Science

Whistle-blowing website back as judge reverses shutdown

Wikileaks.org is back online in the U.S. after a judge on Friday reversed his order to have the whistle-blowing website temporarily shut down in mid-February.

Wikileaks.org is back online in the U.S. after a judge on Friday reversed his order to have the whistle-blowing website temporarily shut down in mid-February.

The site, which describes itself as a repository for leaked documents and analysis of the ethical wrong-doings of governments and corporations, was back online over the weekend after U.S. District Judge Jeffrey White lifted an injunction he granted on Feb. 15.

Judge White shut the site down at the request of Switzerland-based Bank Julius Baer & Co., which said that Wikileaks was distributing confidential bank documents. The site said the documents "allegedly reveal secret Julius Baer trust structures" for money laundering, tax evasion and other misdeeds.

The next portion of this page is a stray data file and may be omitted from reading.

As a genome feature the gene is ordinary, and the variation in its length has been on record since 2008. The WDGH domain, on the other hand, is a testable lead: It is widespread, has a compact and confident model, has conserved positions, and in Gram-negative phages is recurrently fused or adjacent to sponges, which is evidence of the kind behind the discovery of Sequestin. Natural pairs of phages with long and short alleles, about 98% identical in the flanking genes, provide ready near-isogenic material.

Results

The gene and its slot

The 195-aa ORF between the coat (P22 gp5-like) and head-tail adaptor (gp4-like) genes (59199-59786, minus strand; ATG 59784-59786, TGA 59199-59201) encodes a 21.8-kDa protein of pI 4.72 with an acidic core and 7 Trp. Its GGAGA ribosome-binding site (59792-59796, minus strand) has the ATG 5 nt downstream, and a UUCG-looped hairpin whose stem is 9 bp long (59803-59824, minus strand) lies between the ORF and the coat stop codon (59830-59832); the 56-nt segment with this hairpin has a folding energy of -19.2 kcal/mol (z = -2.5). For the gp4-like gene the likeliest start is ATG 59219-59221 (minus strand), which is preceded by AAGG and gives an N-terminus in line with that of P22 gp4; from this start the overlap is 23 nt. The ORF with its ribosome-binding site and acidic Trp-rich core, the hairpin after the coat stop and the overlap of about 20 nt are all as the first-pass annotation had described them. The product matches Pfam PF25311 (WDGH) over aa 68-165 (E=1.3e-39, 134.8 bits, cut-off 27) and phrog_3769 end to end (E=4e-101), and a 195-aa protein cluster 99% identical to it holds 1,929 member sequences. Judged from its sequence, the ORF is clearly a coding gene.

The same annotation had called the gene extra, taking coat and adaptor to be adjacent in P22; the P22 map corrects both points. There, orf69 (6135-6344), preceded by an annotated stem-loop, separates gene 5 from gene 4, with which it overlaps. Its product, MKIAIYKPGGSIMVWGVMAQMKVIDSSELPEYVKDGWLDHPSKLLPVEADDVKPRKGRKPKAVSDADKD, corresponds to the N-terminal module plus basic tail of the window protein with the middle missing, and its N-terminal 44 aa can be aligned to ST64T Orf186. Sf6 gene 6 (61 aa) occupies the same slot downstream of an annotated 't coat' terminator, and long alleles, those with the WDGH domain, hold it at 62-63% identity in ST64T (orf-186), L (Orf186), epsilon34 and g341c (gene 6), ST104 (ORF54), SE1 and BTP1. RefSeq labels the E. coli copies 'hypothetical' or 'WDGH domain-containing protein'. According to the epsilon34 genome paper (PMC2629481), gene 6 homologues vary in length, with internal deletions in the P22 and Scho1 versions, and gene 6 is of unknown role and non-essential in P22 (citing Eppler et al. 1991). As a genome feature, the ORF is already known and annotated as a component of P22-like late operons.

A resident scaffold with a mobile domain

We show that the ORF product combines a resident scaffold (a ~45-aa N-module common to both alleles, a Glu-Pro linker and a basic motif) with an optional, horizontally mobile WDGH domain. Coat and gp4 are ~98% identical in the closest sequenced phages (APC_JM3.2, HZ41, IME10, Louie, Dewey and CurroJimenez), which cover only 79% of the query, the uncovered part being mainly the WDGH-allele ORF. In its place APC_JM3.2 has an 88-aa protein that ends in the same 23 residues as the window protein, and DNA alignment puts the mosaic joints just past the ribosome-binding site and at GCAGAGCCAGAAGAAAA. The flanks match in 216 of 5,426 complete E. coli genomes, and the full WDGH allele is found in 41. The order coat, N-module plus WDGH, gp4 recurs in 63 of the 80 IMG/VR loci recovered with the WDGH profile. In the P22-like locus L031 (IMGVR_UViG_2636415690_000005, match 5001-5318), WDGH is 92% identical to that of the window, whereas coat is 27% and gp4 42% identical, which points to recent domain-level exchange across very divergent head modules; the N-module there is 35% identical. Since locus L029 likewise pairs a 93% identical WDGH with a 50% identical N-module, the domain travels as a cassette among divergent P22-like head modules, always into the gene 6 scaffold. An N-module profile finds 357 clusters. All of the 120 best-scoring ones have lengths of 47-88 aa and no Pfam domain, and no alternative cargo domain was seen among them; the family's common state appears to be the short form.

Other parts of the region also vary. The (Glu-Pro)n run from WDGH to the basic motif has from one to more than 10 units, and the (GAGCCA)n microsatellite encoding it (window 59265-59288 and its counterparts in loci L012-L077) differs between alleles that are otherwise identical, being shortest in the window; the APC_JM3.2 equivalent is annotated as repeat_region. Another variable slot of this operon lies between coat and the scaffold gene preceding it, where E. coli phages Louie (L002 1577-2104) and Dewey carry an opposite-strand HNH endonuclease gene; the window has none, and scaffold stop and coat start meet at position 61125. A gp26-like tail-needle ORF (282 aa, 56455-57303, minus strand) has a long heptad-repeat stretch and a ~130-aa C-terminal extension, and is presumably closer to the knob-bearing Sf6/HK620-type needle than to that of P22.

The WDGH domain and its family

The judge ordered the domain-name registrar for Wikileaks in the United States to disable its web address and ordered the site owners not to distribute the bank documents. The documents, however, were still widely available on Wikileaks websites in other countries.

The orders drew criticism and court filings from numerous organizations advocating the First Amendment protection of free speech, including the American Civil Liberties Union and the Electronic Frontier Foundation.

In his reversal, Judge White acknowledged that the bank's request posed serious First Amendment questions and could constitute unjustified prior restraint. He also expressed frustration that the law could not seemingly stop the flow of information once it was put online.

"We live in an age when people can do some good things and people can do some terrible things without accountability necessarily in a court of law," he said.

now